French President Emmanuel Macron’s ambitious plans for an EU digital tax targeting US tech giants faced strong headwinds yesterday from small member states eager to defend their strong ties with Silicon Valley.
Finance ministers from the EU’s 28 member states were to discuss a controversial proposal aimed at claiming a bigger share of billions of euros from mainly US multinationals that shift earnings around Europe to pay lower tax rates.
“It must be discussed with the Americans, because if we do this all by ourselves as the EU, this digital tax will be very ineffective,” Luxembourgian Minister for Finances Pierre Gramegna said as he arrived for talks in Sofia.
Luxembourg hosts the EU headquarters for Amazon.com Inc, and along with Facebook Inc and Apple Inc hub Ireland, is loathe to see US tech giants head for the exit.
Getting all countries on board is crucial, as tax reforms in the EU require unanimity.
The special tax is the latest measure by the EU to rein in Silicon Valley giants and could also further embitter an ill-tempered trade row pitting the EU against US President Donald Trump.
“It is not an anti-[US tech giant] tax, it is not an anti-US tax, it is not a protectionist approach, it is something which is in interest of all Europeans wherever they live,” said European Commissioner for Economic and Financial Affairs, Taxation and Customs Pierre Moscovici, who is driving the plan.
The transatlantic shot across the bow has been championed by Macron, who believes the measure would be a popular accomplishment for the EU ahead of European elections next year, in which anti-Brussels populists could do well.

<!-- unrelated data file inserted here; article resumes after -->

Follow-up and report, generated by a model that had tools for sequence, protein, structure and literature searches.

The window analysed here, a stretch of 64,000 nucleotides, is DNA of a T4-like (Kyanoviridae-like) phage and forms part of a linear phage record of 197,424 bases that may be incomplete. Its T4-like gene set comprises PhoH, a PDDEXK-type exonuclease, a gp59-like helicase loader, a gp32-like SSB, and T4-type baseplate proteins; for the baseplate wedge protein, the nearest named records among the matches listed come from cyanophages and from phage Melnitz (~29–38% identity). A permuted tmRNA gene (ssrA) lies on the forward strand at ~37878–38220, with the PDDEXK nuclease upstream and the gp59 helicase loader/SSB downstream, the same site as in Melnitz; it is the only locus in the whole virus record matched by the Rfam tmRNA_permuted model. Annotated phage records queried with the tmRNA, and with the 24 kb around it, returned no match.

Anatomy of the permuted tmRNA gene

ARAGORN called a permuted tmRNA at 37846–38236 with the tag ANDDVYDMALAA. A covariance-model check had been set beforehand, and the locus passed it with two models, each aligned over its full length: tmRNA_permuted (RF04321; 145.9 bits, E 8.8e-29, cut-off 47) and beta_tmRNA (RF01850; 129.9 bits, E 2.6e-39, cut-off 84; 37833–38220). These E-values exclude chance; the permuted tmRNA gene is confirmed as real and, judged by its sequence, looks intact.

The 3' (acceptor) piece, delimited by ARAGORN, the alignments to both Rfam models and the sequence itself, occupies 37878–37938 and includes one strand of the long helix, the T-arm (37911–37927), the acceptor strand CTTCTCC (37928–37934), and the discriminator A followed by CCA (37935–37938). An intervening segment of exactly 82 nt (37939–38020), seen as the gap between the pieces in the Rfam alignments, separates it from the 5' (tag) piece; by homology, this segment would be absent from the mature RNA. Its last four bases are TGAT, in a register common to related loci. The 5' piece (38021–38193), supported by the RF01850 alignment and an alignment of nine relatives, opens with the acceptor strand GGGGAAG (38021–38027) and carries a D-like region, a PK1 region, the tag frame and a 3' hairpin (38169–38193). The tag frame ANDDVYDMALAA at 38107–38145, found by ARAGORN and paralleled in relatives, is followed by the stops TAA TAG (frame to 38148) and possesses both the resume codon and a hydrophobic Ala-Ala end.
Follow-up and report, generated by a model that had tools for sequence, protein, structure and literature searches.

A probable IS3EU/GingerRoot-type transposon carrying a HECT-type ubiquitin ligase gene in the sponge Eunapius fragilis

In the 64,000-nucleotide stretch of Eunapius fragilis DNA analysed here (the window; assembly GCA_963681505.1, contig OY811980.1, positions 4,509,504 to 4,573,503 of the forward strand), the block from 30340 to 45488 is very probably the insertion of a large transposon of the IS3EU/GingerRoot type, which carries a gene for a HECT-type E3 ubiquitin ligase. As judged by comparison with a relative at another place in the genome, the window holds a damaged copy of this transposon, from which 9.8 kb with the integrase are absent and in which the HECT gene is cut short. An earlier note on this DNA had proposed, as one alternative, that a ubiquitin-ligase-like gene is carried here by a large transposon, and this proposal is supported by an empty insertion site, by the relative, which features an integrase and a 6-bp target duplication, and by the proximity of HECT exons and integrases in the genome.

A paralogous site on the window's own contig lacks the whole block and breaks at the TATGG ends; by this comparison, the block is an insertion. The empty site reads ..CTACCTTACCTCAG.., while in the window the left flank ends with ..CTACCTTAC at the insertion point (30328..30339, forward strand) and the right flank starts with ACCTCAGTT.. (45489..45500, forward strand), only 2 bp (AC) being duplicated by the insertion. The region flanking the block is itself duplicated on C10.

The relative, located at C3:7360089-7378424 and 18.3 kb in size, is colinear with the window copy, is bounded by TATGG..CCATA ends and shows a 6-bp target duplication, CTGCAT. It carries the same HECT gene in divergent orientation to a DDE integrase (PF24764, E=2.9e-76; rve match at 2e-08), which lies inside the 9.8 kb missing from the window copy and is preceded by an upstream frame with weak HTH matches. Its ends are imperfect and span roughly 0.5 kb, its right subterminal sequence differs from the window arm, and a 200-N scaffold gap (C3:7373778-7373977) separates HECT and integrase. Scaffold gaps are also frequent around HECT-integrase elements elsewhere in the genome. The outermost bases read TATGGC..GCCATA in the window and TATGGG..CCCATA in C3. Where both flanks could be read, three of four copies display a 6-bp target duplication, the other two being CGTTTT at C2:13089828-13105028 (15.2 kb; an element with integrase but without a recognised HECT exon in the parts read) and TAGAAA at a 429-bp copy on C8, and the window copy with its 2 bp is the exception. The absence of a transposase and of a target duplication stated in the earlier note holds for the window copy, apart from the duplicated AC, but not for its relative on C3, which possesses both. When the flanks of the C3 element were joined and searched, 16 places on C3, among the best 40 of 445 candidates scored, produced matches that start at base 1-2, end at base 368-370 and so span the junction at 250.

The most controversial part of the plan is to slap an emergency tax on digital companies with worldwide annual turnover of more than 750 million euros (US$911.1 million), such as Facebook, Google, Twitter Inc, Airbnb Inc and Uber Technologies Inc.
“On the European level I doubt it’s going to be soon, because to have consensus on tax issues is not easy,” Slovak Minister of Finance Peter Kazimir said. “We are ready to do it, [but] on a national level ... in line with OECD [Organisation for Economic Co-operation and Development] recommendations.”
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Continental AG, which makes control units for Daimler AG cars, cannot pursue antitrust claims against a group of patent owners, including Qualcomm Inc, which are seeking royalties on telecommunications technology, a federal judge in Texas ruled. Avanci LLC, a licensing pool formed by Qualcomm, Nokia Oyj, Sharp Corp and other owners of patents on technology standards, is not breaching antitrust laws when it negotiates license agreements with automakers rather than the component makers, Barbara Lynn, chief district judge for the Northern District of Texas, said in dismissing the suit in a decision posted on Friday. The licensing group charges US$15 per vehicle
Sony Corp has cut its estimated Play Station 5 (PS5) production for this fiscal year by 4 million units, down to about 11 million, following production issues with its custom-designed system-on-chip (SOC) for the new console, people familiar with the matter said. The Tokyo-based electronics giant in July boosted orders with suppliers in anticipation of heightened demand for gaming in the holiday season and beyond, as people spend more time at home due to the COVID-19 pandemic. However, the company has come up against manufacturing issues, such as production yields as low as 50 percent for its SOC, which have cut into
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